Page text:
“Just because it’s a foreign country doesn’t mean they don’t appreciate entertainment,” Johnson-Finn said. “It’s not that unusual a venue, but I hadn’t been there before and I didn’t know anyone who had been there before.”

Johnson-Finn and her husband, Raymond Finn, were questioned the next day in the town’s police station, and again were detained at the airport two days after the show. With Ventura pulling his own impression – that of the vanishing David Copperfield – Trina and Raymond were jailed and charged with fraud. Raymond was allowed to leave after two weeks, which was a relief even though by then he’d lost his job as a realtor and would need to sell the family’s assets to pay Trina’s legal fees.

And for 4 ½ months, Johnson-Finn remained incarcerated.

“It was like being locked up in a very poor country, like Jamaica, if you can imagine that,” she said. “It was very nasty, run-down. The toilet was not working (Johnson-Finn used a small metal bucket, which needed to be cleaned regularly), The rooms were just nasty. I had an old bed that was extremely hard. You showered by catching water coming out of the faucet in a bucket and washing down that way.”

Johnson-Finn hired two local attorneys to appear for her court appearances, then hoped her story would unspool internationally. It did. Her case went to trial in May 2009, at which time Ventura – as if by magic! – re-appeared to face authorities.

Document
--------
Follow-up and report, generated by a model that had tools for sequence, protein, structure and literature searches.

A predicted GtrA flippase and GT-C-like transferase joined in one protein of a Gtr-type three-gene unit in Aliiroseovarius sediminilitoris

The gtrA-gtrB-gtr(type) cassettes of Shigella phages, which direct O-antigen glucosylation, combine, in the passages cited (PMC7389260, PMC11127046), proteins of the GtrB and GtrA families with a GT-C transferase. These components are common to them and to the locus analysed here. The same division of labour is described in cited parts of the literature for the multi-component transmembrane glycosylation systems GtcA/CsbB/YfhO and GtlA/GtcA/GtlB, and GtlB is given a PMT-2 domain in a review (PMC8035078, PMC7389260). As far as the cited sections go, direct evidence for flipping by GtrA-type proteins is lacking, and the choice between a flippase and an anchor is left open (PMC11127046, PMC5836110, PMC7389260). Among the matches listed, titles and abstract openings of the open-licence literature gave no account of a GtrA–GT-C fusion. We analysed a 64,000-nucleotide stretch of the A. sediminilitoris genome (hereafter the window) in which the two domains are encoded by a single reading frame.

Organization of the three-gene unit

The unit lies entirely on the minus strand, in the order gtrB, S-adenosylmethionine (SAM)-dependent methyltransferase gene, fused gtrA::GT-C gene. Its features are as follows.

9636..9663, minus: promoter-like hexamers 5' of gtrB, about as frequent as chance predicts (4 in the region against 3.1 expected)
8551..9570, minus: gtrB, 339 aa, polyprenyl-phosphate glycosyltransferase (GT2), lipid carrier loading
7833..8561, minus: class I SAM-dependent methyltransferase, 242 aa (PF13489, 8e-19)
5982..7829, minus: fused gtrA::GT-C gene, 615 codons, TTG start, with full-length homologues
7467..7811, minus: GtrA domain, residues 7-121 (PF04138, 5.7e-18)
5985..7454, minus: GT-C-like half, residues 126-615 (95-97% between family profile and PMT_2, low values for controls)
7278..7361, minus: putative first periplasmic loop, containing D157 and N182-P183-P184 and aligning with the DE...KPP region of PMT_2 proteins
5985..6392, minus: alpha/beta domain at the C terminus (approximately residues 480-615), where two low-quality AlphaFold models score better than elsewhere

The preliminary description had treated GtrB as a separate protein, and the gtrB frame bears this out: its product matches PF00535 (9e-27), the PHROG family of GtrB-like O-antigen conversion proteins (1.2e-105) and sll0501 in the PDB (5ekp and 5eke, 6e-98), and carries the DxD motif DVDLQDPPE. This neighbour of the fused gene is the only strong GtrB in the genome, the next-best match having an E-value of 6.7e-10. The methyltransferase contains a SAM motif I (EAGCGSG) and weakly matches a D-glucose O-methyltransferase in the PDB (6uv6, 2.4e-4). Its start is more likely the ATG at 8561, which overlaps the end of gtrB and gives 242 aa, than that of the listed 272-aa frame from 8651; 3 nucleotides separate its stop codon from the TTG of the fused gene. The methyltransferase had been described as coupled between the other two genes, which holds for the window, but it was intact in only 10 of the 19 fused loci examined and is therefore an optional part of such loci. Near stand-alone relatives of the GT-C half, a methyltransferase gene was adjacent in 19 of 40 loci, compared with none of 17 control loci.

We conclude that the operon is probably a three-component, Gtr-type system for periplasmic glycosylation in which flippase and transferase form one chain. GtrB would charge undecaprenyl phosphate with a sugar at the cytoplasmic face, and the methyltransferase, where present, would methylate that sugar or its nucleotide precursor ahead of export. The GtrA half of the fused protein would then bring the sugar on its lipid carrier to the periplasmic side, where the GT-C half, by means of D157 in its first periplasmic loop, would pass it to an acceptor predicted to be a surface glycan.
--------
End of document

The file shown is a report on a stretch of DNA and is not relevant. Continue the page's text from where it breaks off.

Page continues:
“They said they found him, but I think he just turned himself in, and had probably paid a lot of people off to avoid taking responsibility for this,” Johnson-Finn said. “I don’t think there was any big manhunt for him. But the press this was generating internationally forced them to take a look at the real evidence, and we had a contract specifically stating I was a tribute act. (Ventura) basically got called out and had to turn himself in.”

In court, Ventura confessed to fraud. He was sentenced to 2 ½ years in prison. Johnson-Finn was released and, coincidentally, her one-year anniversary of being set free was June 9, during rehearsals for “Vegas! The Show.”

The whole bizarre episode would make a good movie. Realizing this, Trina and Raymond are working on a documentary film about the experience, as some footage of the region and events were captured on film. She’s also still touring with the Family Stone act, and Saturday the band is part of the “JuneFest” lineup at South Point.

“Well, looking back on it now, it’s a page in your life that you can’t believe actually happened,” the Johnson-Finn said. “You sort of step outside yourself and go, ‘Was that even me?’ But what I experienced was anger and sadness. Going through it was surreal, like, wow, this is really, really crazy. I was living in hell, I’d hit rock bottom. But the flip side is I’ve lived through a very negative thing, and since then I’ve done a lot in my career. I’m in a new show now and I’m as busy as ever.”

It took about a year of healing and a lot of emotional and financial repair work, but Johnson-Finn can now laugh about the Suriname experience.

“I did a Google search on my name and it was like 2 million people had hit on my name,” she said, laughing. “You need to get some serious street cred to do that.”

Follow John Katsilometes on Twitter at twitter.com/JohnnyKats.